Does it help to know the places you're describing in a book? I think so. Having experienced slot canyons, I can convey to the reader the colors, the tactile sensations, the awe and the power of the place. 

Now it's up to you to read Spirit Walk and see if I got it right.

Thursday, April 26, 2018

Verbs: The Core of Every Sentence

Ok, I admit it; I’m a word geek. I love words. I love the way they come together and combine to create images, the pictures they paint. My father was an artist and I’m sad to say I did not inherit his gift for drawing and painting, but I did learn to paint with words.
My pallet is alive with colors. Nouns are my white, the basic foundations of all sentences whether subjects, objects, or extraneous things thrown in to widen the base. Adverbs are black, adding dark contrast, and must be used sparingly. Adjectives are purple where a little goes a long way, and too much simply obliterates the subtler shades. Conjunctions and prepositions are the primary colors, tossed in here and there to combine with the other words, to create the final hues and tones.
But verbs … Verbs shimmer like a rainbow. They can be dull, brown, non-descript, or they can be radiant and glowing, changing color like a hummingbird that flits in and out of the sunlight. Verbs can drive a sentence headlong, or cradle it in a gloved hand. Verbs are the very core of the sentence.
This was all brought back to me in the most wonderful way: reading — of course — a new book. A friend had told me about House of Rain by Craig Childs. The subtitle reads: Tracking a Vanished Civilization Across the American Southwest, and it is a travelogue of sorts detailing Childs’ journey in the footsteps of the Anasazi. I was actually expecting a rather dry treatment of archaeology and was absolutely enchanted when I found writing in its most delicate and image-studded form.  Here are a handful of the colorful gems he tosses down as he goes, leaving them to wink and glitter in the dust behind him.
Sage folded and recoiled in the wind.
As the sun set, I could not help staring directly at it, the remaining half circle burning into my eyes, an apricot welding itself onto the earth.
Cold water burped up from beneath my feet.
The ceiling was made of wooden beams corbelled across each other, and they dripped with the dark syrup of rodent urine.
After a few hundred years little if anything was left on the surface, the wind having sewn the earth back together, closing over the wound of humanity.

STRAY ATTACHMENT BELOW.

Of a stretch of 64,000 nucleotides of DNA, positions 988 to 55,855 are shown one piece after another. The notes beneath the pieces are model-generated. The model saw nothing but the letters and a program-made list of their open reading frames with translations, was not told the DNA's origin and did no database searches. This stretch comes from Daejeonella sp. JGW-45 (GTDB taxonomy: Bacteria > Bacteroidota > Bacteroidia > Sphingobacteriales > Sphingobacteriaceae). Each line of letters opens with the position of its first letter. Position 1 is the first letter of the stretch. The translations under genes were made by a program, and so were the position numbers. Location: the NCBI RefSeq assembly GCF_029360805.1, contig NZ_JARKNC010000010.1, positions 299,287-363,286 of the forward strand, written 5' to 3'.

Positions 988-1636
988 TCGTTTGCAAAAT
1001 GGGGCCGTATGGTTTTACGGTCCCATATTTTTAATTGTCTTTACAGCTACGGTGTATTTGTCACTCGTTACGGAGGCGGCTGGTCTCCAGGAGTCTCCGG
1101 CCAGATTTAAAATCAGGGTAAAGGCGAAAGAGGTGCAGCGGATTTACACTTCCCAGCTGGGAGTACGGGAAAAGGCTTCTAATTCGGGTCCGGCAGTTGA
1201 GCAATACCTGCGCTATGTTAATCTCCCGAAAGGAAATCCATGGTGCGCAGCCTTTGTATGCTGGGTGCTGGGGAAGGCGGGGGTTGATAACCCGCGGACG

Sycamore trees burst into maniacal white branches crawling all over the sky.
Sunrise was falling through holes in the forest, long dashes of light touching the ground.
Black fists of smoke wrenched up from orange fronts of flame…
Bedrock appeared from under the sand, whales of reddish stone barely breaching the surface.
I found myself reading with two minds: with one, I followed the story, but with the other, I paid explicit attention to his use of words, and verbs especially. As a writer, I delighted in this treasure trove of literary imagery. It’s very much like prowling a jewelry store, my eyes sliding across the glass-fronted cases until they catch on a pale shimmer of amethyst, noticing without seeing the hundreds of ordinary rings until one unique creation of precious metal and stone stops me in my tracks. Finding that one sublime melding of color and shape amid the dross of the ordinary gives a sense not only of profound appreciation but also of satisfaction for having noticed it.
Reading writing like this inspires me; it calls to me to put my own best efforts down on paper. I know that if someone else can write with such heartbreaking delicacy, I can, too. It inspires me to handle my sentences with great care, most especially my verbs. They can mire a sentence in mediocrity or they can lift it like a song. Choose wisely.
Originally published by Indies Unlimited on December 9, 2014.

Thursday, April 12, 2018

New Release: Murder Walk

If you haven't caught up on the adventures of Sam and Lacey, you've got more reading to do. These books are a lot of fun to write and the ideas keep coming. I'm very pleased to announce the release of Book 10 of the Lacey Fitzpatrick and Sam Firecloud Mystery Series, Murder Walk. Here's what people are saying about the series:

--I don’t normally gravitate toward mysteries but Sam Firecloud, a half-Navajo man who communicates with ghosts, hooked me.

--If you like paranormal elements in your mysteries, you really need to check this series out.

--This is one of my favourite paranormal mysteries. 

And now, Murder Walk:
The best friend of Sam Firecloud’s son, Daniel, has been murdered. The boy is having a hard enough time dealing with the loss but then discovers that he’s inherited his father’s mediumistic “gift” for communicating with the dead, a gift he doesn’t want. Lacey Fitzpatrick, Sam’s wife and partner, wants to start their own investigation into the murder, Sam is more worried about his son than the unsolved case, and Daniel just wants all ghosts to leave him alone. The family is being torn in three separate directions, but the murderer is still on the loose and may come after Daniel next, because the ghost is talking. 

To celebrate the release, ALL books in the series are just 99 cents now through April 22, 2018. 





Thursday, March 15, 2018

New Release: Castle Walk